Take the 2-minute tour ×
Stack Overflow is a question and answer site for professional and enthusiast programmers. It's 100% free, no registration required.

I have a local that's only used for the purposes of checking the result from another function and passing it on if it meets certain criteria. Most of the time, that criteria will never be met. Is there any way I can avoid this "extra" local?

I only have about 1MB of storage for my binary, and I have several thousand function calls that follow this pattern. I know it's a minor thing, but if there's a better pattern I'd love to know!

SomeDataType myclass::myFunction()
{
   SomeDataType result;  // do I really need this local???

   // i need to check the result and pass it on if it meets a certain condition
   result = doSomething();
   if ( ! result ) {
      return result;
   }

   // do other things here
   ...

   // normal result of processing
   return SomeDataType(whatever);
}
share|improve this question
1  
Clarification: I'm not worried about RAM usage so much as I'm worried about flash memory consumption with the size of my executable. I'm sure it will fit in a register, but the extra local will increase the size of my obj files. –  Lisa Mar 4 '10 at 9:20
3  
The first question to me would be, do you really need seperate default-construction followed by assignment? What's wrong with SomeDataType result = doSomething(); ? That will probably save more flash, by eliminating SomeDataType::SomeDataType() call. –  MSalters Mar 4 '10 at 9:45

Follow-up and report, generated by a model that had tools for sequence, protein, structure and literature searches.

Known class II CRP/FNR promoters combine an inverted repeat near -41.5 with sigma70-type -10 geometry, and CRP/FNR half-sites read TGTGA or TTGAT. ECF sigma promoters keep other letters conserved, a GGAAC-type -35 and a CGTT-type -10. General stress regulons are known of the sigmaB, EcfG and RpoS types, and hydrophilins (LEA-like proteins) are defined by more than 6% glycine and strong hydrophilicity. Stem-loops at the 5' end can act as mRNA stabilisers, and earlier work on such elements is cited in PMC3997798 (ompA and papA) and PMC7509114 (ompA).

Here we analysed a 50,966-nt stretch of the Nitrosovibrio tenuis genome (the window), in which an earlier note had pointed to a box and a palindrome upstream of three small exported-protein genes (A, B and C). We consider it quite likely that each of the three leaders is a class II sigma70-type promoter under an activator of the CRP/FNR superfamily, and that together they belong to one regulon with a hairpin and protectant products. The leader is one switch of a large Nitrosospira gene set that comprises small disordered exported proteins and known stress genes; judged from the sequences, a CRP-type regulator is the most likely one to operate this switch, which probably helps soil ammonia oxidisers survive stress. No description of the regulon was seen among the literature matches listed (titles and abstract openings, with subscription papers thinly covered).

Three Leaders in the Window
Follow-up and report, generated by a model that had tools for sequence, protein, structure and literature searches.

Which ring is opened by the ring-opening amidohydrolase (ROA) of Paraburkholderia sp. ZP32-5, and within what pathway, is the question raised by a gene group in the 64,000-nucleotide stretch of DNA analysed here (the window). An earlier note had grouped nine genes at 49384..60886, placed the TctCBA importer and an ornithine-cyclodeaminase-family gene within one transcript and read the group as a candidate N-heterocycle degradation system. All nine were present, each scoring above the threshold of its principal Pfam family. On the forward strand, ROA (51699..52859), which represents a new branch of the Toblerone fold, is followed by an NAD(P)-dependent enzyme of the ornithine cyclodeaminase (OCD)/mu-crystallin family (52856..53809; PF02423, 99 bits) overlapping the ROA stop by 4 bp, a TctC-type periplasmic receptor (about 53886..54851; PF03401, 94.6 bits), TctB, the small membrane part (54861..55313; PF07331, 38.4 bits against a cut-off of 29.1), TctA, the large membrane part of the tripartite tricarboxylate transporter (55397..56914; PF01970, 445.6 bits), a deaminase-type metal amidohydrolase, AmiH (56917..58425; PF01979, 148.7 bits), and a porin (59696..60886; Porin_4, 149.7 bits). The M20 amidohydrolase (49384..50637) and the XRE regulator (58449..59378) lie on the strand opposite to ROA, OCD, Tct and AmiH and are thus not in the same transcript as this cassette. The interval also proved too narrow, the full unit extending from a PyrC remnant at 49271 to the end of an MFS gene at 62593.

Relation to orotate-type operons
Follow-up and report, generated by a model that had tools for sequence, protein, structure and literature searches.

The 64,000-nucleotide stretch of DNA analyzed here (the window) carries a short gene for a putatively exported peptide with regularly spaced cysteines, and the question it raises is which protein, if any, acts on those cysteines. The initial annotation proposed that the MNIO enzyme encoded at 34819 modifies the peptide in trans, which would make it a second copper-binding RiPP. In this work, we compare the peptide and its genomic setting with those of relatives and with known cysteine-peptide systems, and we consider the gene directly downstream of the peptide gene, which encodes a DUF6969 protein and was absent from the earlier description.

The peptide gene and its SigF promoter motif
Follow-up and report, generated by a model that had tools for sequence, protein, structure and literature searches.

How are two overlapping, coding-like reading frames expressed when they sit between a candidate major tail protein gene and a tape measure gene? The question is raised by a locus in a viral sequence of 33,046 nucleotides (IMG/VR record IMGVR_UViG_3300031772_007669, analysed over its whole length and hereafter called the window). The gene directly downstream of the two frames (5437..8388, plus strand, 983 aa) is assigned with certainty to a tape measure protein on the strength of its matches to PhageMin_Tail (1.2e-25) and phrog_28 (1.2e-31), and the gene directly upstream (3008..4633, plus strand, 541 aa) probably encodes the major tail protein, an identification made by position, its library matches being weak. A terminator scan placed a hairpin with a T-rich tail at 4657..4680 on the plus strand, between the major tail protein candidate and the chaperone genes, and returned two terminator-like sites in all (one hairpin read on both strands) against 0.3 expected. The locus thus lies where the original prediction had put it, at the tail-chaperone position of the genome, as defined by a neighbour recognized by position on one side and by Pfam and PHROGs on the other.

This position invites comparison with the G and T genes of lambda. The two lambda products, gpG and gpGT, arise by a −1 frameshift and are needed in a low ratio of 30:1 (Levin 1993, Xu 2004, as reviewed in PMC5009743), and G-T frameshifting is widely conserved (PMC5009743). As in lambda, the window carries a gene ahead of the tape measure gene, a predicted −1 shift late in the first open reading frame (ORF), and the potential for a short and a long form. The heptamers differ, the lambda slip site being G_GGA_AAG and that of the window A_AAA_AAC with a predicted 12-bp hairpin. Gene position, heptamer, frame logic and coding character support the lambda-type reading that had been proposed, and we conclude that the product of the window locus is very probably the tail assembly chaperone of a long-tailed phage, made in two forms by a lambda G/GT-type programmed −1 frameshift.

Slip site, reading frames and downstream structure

You're probably right on that, I don't need the default construction. –  Lisa Mar 4 '10 at 9:58
1  
"the extra local will increase the size of my obj files" - I'm not sure I follow. How will the extra local increase the obj file size? It's data that resides in RAM (or in a register). –  Michael Burr Mar 8 '10 at 8:41

10 Answers 10

I would suggest you don't worry about it. It's not really a good use of time to optimize down at this level, since any decent compiler will minimize the amount of the local storage required. The stack is reusable, thousands of calls won't matter because the memory is only required for the context where it is used and will not be relevant beyond that.

If it is really necessary for you to be concerned about a few bytes of temporary storage on the stack, you should probably be working in assembly. I doubt this is the case, so don't sweat it and spend your time on other more interesting and important issues!

share|improve this answer

In your call to doSomething(), instead of returning null, you could return SomeDataType(whatever).

share|improve this answer

I'd suggest that you check your compiler options and make sure that they are set to "optimize for size" since that is what you're worried about. And if your compiler doesn't have something like this as a setting, then perhaps it's time to check out a different one.

share|improve this answer

I would disassemble the code and figure out what your compiler is doing when it generates the code. Modern compilers do some tricky stuff, and trying to guess how to save code space is not obvious - sometimes I see very little correspondence from the source to the assembly. Source code is more about clarity and maintenance - generating the assembly has different metrics.

share|improve this answer

If you have a pattern that repeats in thousands of functions, you could consider replacing it with one function and a look-up table.

(I can't really be more specific without knowing more details about your situation.)

share|improve this answer

If you're not using the result variable elsewhere in the function you could try this:

if (!doSomething())
{
    return;
}

The above example allows the compiler to create temporary variables if necessary, rather that you telling the compiler to create one.

If you are a stickler for structured programming, you could try this:

do
{